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David Weir and Sarah Storey will carry British flag in London 2012 Paralympics closing ceremony

Fairy Storey for Sarah and Weir as pair rewarded with flag duties in closing ceremony

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UPDATED:

17:24 GMT, 9 September 2012

David Weir and Sarah Storey, who each won four gold medals at the London 2012 Paralympics, will carry the British flag together in the closing ceremony on Sunday night.

The move is a change to the normal protocol of selecting a single individual, and team officials had to gain permission from the International Paralympic Committee to make the move.

'During the London 2012 Paralympic Games, ParalympicsGB has witnessed some outstanding performances, and most notably from Sarah Storey and David Weir,' said chef de mission Craig Hunter.

Selected: David Weir has been rewarded for his superb performances along with Sarah Storey

Selected: David Weir has been rewarded for his superb performances along with Sarah Storey

'I'm thrilled and delighted that the IPC has recognised and agreed to our request to allow joint flagbearers at the closing ceremony.

'These athletes represent the spirit of Paralympic athleticism.'

Wheelchair racer Weir has lit up the Olympic Stadium over the last 10 days, with victories over 5000m, 1500m and 800m and won Britain's last gold of the Games in the T54 Marathon this morning.

At the end of his fourth Games, the 33-year-old Londoner now has a career haul of six gold, two silver and two bronze medals.

'It will be a great honour to come out to the closing ceremony carrying that flag,' said Weir.

'I'm a proud Brit and Sarah is as well. She has done fantastically well too.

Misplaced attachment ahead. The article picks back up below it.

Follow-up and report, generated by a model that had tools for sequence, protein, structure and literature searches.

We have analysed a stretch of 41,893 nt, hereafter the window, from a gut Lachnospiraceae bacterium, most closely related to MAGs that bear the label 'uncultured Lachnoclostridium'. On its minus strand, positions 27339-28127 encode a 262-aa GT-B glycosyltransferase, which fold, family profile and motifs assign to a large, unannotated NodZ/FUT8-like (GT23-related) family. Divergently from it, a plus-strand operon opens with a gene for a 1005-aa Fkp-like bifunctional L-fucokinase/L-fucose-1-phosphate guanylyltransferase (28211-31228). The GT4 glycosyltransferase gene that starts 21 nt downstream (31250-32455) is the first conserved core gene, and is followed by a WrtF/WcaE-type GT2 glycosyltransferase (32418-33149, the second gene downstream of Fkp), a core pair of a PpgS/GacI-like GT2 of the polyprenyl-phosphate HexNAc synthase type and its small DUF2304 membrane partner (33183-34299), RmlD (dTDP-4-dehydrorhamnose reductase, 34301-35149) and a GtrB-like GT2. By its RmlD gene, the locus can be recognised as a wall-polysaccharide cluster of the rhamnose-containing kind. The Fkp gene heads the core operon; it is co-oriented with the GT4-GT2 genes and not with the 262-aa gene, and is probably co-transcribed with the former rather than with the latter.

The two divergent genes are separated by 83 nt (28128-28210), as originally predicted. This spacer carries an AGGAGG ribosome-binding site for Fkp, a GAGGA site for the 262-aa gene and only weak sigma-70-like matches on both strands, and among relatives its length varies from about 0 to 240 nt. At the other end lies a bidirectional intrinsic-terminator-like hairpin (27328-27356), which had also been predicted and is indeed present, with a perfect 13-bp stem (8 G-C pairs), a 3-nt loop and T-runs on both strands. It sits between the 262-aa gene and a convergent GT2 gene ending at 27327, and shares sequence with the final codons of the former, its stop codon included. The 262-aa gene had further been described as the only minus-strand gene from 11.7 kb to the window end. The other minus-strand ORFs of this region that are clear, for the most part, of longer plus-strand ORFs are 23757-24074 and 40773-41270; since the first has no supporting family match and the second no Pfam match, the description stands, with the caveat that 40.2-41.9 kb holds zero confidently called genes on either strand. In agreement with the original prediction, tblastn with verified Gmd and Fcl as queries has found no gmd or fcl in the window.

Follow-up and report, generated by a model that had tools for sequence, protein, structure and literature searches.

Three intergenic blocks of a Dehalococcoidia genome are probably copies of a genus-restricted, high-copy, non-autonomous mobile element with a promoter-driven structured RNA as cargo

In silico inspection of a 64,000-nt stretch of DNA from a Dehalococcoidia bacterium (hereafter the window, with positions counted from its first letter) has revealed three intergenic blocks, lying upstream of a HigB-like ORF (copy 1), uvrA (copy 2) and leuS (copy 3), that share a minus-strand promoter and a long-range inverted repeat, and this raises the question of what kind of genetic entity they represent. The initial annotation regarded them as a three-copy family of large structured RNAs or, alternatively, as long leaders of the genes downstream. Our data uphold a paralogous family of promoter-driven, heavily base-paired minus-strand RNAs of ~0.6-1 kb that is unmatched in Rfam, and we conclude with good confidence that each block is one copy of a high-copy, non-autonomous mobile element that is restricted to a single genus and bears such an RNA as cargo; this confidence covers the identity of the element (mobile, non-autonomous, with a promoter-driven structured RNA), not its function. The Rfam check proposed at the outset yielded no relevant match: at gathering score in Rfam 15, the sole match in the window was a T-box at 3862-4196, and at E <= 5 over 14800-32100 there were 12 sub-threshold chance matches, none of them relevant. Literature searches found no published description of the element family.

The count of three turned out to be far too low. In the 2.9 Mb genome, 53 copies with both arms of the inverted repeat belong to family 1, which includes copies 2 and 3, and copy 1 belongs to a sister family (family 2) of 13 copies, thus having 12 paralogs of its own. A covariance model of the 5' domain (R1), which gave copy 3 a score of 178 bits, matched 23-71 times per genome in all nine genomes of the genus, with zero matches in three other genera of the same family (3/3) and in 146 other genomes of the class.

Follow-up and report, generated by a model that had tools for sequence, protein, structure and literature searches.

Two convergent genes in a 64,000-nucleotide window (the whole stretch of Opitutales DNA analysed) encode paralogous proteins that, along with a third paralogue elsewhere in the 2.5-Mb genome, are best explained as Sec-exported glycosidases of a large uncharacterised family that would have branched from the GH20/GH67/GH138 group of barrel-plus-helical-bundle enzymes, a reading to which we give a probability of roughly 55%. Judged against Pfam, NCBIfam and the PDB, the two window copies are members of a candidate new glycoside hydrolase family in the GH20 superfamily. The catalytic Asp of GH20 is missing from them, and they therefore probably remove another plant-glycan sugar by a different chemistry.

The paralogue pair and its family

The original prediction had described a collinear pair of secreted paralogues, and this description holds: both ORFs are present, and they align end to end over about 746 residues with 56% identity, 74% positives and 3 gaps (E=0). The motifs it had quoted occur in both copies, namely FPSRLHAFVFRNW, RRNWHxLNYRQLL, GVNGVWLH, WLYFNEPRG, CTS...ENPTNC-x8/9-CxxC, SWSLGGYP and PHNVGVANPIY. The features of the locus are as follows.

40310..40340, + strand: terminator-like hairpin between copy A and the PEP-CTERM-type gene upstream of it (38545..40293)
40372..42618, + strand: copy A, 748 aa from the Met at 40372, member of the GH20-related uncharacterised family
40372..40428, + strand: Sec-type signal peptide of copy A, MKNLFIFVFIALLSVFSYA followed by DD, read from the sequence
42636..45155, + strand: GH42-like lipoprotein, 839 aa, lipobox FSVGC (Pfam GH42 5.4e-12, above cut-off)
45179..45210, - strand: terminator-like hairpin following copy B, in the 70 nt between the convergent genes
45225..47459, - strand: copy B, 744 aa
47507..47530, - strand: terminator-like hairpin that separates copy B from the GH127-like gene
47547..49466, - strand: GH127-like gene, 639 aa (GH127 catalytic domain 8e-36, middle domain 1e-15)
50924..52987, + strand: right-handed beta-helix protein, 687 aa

'To do it as a Londoner in front of a London crowd makes it even more special.'

Golden girl: Storey with husband Barney (right)

Golden girl: Storey with husband Barney (right)

Storey starred in the Velodrome and on the road, taking individual pursuit and 500m time trial victories on the track before moving to Brands Hatch where she won the Time Trial and triumphed in emphatic fashion in the C5 Road Race on Thursday.

That win brought her 11th career gold, making Mancunian Storey – a former swimmer who switched to cycling in 2005 – Britain's most decorated female Paralympian.

With eight silver medals and three bronze in a 20-year career she surpassed former wheelchair racer Baroness Tanni Grey-Thompson's collection of 11 golds, four silvers and one bronze.

'I'm amazed at the news, I never expected it,' said Storey, 34.

Amazed: Storey said she never expected the honour

Amazed: Storey said she never expected the honour

'I've not been to a Paralympic ceremony since Athens and can't wait to see the stadium tonight. It's a huge honour and it should be a very exciting night.'

Weir said he had hoped to be nominated to carry the flag in the opening ceremony but the athletics team chose not to attend as they finished Games preparations at a holding camp in Portugal.

Tennis player Peter Norfolk was nominated in an athletes' vote to perform the honour.

'Our sport rules meant that wasn't possible so I had to forgot about it and focus on my performance,' said Weir

'The Games has been special for everyone; every Paralympian has said it's been special. So to go out in the stadium tonight will be a tearjerker. Not much is going to top this.'

London 2012 Paralympics: David Stone wins gold

Golden service resumes for Stone as Brit bounces back to defend Paralympic title

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UPDATED:

10:51 GMT, 8 September 2012

David Stone successfully defended his Paralympic Games title with victory in the mixed T1-2 road race at Brands Hatch on Saturday.

The 31-year-old relinquished his time-trial title on Wednesday and was disappointed with bronze.

Stone, who has cerebral palsy and rides a tricycle, bounced back in the 24-kilometre road race to win his third Paralympic gold medal, seven seconds ahead of Italy's Giorgio Farroni. David Vondracek of the Czech Republic was three minutes 17 seconds behind in third.

Flying the flag: Stone claimed victory at Brands Hatch on Saturday morning

Flying the flag: Stone claimed victory at Brands Hatch on Saturday morning

London 2012 Paralympics: Rachel Morris wins road race bronze

Brits fail in bid to share road race bronze as Morris is awarded medal in photo-finish

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UPDATED:

12:24 GMT, 7 September 2012

Great Britain's Rachel Morris was awarded bronze in the women's H1-3 road race at Brands Hatch after crossing the line holding hands with team-mate Karen Darke in an apparent bid to share the medal.